Trying to Find the Roots of Democracy: the Riksdag and the King, 1611–1866


  • Martin Almbjär



Riksdag, peasantry, democratic development, Swedish monarchy, early modern period, nineteenth century


The aim of this text is to problematize the role of the Riksdag in Swedish political history, circa 1600–1900, and its contribution to modern phenomena such as democracy and universal suffrage. First, the Riksdag representatives on several occasions strengthened the monarchy at the expense of the Riksdag and exchanged long-term institutional influence for gains regarding particular issues. At other times, they were noticeably passive and unable to restrain the monarchy. The Riksdag’s merits as a bastion for popular representation are questionable, and one might argue that between 1611 and 1809, the Riksdag was in a weak position vis-à-vis the king for 94 years (i.e., for almost half this period). However, this changed between 1809 and 1866, despite several similarities in the political framework, as well as political conditions for another shift to a strong monarchy and a weak or disbanded Riksdag. The last period of the old order of the four estates is thus key if we want to understand why the Riksdag finally achieved a strong position among other Swedish political arenas. This issue not only concerns historians, but also people interested in how and why representative assemblies become equally or more legitimate than authoritarian alternatives. As we live in a period in which democratic institutions and values are being questioned, it is important that we understand how they came to be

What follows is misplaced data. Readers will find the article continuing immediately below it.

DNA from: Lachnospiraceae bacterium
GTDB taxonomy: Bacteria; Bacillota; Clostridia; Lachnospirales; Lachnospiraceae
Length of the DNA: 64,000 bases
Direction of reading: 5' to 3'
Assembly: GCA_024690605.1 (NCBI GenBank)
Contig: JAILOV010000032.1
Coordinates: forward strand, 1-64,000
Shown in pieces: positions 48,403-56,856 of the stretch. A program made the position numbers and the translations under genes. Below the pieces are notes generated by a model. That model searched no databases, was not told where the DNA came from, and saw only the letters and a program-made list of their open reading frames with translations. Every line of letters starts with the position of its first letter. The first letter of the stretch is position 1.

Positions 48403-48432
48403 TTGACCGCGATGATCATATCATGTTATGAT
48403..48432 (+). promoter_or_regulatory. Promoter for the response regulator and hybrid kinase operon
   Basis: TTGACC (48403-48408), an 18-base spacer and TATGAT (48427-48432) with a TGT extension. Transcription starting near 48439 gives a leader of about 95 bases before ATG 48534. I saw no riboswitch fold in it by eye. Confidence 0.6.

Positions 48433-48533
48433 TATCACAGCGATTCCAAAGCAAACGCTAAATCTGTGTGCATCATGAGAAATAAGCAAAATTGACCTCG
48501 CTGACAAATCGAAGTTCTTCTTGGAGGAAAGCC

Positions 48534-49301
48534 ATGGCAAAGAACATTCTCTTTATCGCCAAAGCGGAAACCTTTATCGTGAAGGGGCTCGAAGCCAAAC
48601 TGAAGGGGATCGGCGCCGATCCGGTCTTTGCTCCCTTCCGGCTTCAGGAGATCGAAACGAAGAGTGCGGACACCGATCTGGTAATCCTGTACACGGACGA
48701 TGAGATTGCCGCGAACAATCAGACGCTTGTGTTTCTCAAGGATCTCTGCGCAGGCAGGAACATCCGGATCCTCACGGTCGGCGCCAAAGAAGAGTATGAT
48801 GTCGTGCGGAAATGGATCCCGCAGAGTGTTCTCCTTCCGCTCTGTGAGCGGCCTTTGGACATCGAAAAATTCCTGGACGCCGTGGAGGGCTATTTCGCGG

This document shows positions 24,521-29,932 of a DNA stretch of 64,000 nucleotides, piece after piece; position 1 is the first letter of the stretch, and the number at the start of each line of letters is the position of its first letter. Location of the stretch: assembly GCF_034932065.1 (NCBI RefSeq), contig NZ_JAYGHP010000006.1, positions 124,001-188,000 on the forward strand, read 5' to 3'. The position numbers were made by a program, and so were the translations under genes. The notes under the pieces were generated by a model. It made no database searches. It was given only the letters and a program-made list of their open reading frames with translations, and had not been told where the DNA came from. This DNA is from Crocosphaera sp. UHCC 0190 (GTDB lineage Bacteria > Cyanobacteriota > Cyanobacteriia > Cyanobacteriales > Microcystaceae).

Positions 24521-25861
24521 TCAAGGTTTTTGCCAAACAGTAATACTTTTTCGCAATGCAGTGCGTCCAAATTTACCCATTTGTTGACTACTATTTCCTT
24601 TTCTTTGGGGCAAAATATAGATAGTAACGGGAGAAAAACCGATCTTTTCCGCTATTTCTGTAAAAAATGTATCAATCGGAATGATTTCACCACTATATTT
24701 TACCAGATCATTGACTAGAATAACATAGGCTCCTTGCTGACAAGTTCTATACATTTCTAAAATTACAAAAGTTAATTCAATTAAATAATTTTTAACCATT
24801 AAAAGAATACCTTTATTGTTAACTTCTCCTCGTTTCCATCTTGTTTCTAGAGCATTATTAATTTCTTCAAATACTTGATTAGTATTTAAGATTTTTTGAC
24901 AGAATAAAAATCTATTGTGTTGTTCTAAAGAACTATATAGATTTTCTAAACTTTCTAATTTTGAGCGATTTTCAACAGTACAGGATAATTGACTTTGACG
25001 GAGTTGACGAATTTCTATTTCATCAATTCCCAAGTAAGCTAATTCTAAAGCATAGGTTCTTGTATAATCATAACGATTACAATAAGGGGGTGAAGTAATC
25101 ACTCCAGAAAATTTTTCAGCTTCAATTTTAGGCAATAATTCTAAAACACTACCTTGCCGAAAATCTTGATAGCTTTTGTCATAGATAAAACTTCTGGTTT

embraced in the first place